Wang X, Tournier CRegulation of cellular functions by the ERK5 signalling pathway. Cell Signal 18: 753-760

Faculty of Life Sciences, University of Manchester, Michael Smith Building, Oxford Road, Manchester M13 9PT, UK.
Cellular Signalling (Impact Factor: 4.32). 07/2006; 18(6):753-60. DOI: 10.1016/j.cellsig.2005.11.003
Source: PubMed

ABSTRACT Extracellular-regulated protein kinase 5 (ERK5) is a mitogen-activated protein kinase (MAPK) regulated by a wide range of mitogens and cellular stresses. Since its cloning in 1995, the lack of biological tools, including antibodies and specific inhibitors, have made it one of the least studied MAPK subfamilies. The discovery that ERK5 was an important contributor to cell survival mechanisms has increased interest in this signalling pathway. The ability of inhibitors of the classical MAPK (ERK1/2) cascade to block ERK5 activation suggested that ERK5 might regulate some cellular functions originally attributed to ERK1/2. For example, ERK5 is suspected to mediate the effects of numerous oncogenes. A link between abnormal levels of ERK5 expression and cancers was established by the analysis of human tumours. Recently, the targeted deletions of the erk5 and the mek5 genes in mice have provided genetic evidence that the ERK5 cascade is a non-redundant signalling pathway essential for normal cardiovascular development. The analysis of genetically modified mice in which the erk5 gene can be specifically deleted in certain tissues is shedding light into the physiological function of the ERK5 pathway during development and pathogenesis.

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    • "Overexpression of miR-143 induced with anti-miR-Bcl-2 partially reversed the inhibition of cell proliferation and promoted apoptosis in the HeLa cells expressing miR-143 [43]. Another experimentally verified target of tumor suppressor microRNAs miR-143 and miR-145 is the cellular gene ERK5 (also known as MAPK7) a mitogenactivated protein kinase (MAPK) regulated by a wide range of mitogens and by cell stress, which promotes cell growth and proliferation in response to tyrosine kinase signaling [44]. In the bladder cancer cell line T24, prostate cancer cell lines LNCaP and C4-2, and the Burkitt lymphoma cell line Raji, ERK5 expression levels were found to be reduced and cell proliferation was inhibited in response to increased levels of miR-143 and miR-145 [40, 45–47]. "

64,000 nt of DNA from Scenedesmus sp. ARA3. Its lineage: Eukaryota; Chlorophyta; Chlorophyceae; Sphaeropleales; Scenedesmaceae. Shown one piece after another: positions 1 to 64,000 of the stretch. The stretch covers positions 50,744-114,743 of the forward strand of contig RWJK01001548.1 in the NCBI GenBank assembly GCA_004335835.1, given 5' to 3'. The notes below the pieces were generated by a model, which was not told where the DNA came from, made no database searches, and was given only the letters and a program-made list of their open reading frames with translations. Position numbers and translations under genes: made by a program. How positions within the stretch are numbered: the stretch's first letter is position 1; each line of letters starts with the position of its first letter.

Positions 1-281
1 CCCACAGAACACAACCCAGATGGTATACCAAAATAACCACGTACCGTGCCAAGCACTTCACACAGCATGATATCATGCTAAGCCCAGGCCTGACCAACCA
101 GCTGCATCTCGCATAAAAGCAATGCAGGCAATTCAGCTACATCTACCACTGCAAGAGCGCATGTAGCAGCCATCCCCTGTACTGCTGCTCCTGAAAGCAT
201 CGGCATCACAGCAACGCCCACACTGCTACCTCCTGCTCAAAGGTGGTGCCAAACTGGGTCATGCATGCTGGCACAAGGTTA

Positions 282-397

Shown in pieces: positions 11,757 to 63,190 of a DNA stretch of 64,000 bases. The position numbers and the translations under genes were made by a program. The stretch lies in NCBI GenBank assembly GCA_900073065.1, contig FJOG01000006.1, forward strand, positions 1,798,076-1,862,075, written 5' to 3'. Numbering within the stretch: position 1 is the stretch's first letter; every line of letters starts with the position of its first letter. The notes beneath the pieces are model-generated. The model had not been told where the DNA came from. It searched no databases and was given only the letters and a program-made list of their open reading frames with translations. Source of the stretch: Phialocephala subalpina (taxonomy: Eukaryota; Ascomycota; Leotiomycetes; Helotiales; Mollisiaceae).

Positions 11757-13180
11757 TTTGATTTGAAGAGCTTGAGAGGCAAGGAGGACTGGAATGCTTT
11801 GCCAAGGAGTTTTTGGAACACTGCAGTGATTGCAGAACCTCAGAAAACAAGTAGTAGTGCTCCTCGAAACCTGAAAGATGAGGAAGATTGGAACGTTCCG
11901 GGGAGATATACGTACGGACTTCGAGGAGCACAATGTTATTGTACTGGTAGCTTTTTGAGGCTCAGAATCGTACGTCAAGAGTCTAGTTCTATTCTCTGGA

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    ABSTRACT: MicroRNAs and siRNAs belong to a family of small noncoding RNAs which bind through partial sequence complementarity to 3 í® í°-UTR regions of mRNA from target genes, resulting in the regulation of gene expression. MicroRNAs have become an attractive target for genetic and pharmacological modulation due to the critical function of their target proteins in several signaling pathways, and their expression profiles have been found to be altered in various cancers. A promising technology platform for selective silencing of cell and/or viral gene expression using siRNAs is currently in development. Cervical cancer is the most common cancer in women in the developing world and sexually transmitted infection with HPV is the cause of this malignancy. Therefore, a cascade of abnormal events is induced during cervical carcinogenesis, including the induction of genomic instability, reprogramming of cellular metabolic pathways, deregulation of cell proliferation, inhibition of apoptotic mechanisms, disruption of cell cycle control mechanisms, and alteration of gene expression. Thus, in the present review article, we highlight new research on microRNA expression profiles which may be utilized as biomarkers for cervical cancer. Furthermore, we discuss selective silencing of HPV E6 and E7 with siRNAs which represents a potential gene therapy strategy against cervical cancer.
    BioMed Research International 03/2015; 2015. DOI:10.1155/2015/374924 · 2.71 Impact Factor